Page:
Louis XI also involved himself in the affairs of the Church in France. In October 1461, Louis abolished the Pragmatic Sanction that his father had instituted in 1438 to establish a French Gallican Church free of the controls of the popes in Rome.
Feud with Charles the Bold
Philip III was the Duke of Burgundy at the time that Louis came to the throne, and was keen to initiate a Crusade to the Holy Lands. However, he needed funds to organize such an enterprise. Louis XI gave him 400,000 gold crowns for the Crusade in exchange for a number of territories, including Picardy and Amiens. However, Philip's son, the future Charles I, Duke of Burgundy (known as the Count of Charolais at the time of Louis's accession) was angry about this transaction, feeling that he was being deprived of his inheritance. He joined a rebellion called the League of the Public Weal, led by Louis's brother Charles, the Duke of Berry. Although the rebels were largely unsuccessful in battle, Louis had no better luck. Louis XI fought an indecisive battle against the rebels at Montlhéry and was forced to grant an unfavourable peace as a matter of political expediency.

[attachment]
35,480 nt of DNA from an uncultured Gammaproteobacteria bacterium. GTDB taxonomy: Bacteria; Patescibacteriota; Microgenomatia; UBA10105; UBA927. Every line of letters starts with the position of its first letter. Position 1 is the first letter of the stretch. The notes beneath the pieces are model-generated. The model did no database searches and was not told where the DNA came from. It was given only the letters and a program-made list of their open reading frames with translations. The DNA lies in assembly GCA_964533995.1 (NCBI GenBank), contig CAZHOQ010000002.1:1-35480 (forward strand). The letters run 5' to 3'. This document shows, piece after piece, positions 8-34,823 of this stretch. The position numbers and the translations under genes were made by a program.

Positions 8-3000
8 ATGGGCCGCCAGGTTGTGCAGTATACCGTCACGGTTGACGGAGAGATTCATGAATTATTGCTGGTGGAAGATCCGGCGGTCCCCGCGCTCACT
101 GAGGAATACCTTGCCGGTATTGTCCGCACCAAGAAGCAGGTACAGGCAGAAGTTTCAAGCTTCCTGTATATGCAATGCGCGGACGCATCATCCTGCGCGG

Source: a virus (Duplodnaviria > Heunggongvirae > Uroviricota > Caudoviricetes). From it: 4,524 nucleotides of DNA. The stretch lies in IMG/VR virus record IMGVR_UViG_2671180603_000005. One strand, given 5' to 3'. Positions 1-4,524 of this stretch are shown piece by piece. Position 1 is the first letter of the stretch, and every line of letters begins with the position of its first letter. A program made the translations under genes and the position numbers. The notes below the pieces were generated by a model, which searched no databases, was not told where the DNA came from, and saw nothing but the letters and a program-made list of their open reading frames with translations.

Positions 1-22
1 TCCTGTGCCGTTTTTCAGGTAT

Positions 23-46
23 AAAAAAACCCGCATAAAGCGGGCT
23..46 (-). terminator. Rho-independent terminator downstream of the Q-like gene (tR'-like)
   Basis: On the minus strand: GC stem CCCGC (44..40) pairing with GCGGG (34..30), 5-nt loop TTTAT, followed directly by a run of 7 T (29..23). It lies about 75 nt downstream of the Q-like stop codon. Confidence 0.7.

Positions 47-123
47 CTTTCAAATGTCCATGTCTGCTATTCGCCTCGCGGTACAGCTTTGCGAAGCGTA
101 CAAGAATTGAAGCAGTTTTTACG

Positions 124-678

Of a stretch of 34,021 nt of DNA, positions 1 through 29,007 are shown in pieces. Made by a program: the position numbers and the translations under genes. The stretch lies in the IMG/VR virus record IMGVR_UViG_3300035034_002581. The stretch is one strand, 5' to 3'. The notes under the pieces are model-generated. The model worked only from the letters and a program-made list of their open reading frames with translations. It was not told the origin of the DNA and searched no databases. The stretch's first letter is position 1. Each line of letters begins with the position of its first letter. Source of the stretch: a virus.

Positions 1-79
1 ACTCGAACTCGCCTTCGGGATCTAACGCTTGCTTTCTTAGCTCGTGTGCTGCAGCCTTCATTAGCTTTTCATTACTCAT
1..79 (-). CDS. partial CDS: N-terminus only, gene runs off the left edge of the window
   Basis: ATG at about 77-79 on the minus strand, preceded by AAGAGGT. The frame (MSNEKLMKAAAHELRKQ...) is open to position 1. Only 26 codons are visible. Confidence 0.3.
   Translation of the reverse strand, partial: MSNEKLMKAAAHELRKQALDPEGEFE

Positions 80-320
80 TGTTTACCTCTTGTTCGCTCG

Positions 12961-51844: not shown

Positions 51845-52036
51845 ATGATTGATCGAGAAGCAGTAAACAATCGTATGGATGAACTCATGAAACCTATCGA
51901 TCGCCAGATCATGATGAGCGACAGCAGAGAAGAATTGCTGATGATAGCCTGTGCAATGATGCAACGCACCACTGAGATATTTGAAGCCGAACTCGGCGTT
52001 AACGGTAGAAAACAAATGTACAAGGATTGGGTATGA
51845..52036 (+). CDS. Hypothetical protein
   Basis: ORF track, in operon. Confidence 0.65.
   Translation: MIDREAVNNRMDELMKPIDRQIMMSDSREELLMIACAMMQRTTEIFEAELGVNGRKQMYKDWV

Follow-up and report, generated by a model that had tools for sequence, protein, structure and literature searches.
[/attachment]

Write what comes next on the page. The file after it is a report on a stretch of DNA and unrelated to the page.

Engraving of Louis XI of France
When the Count of Charolais became Duke of Burgundy in 1467 as Charles I ("the Bold"), he seriously considered declaring an independent kingdom of his own. However, Louis's progress toward a strong centralized government had advanced to the point where the dukes of Burgundy could no longer act as independently as they had in the past. The duchy now faced many problems and revolts in its territories, especially from the people of Liège, who conducted the Liège Wars against the Duke of Burgundy. In the Liège Wars, Louis XI allied himself at first with the people of Liège.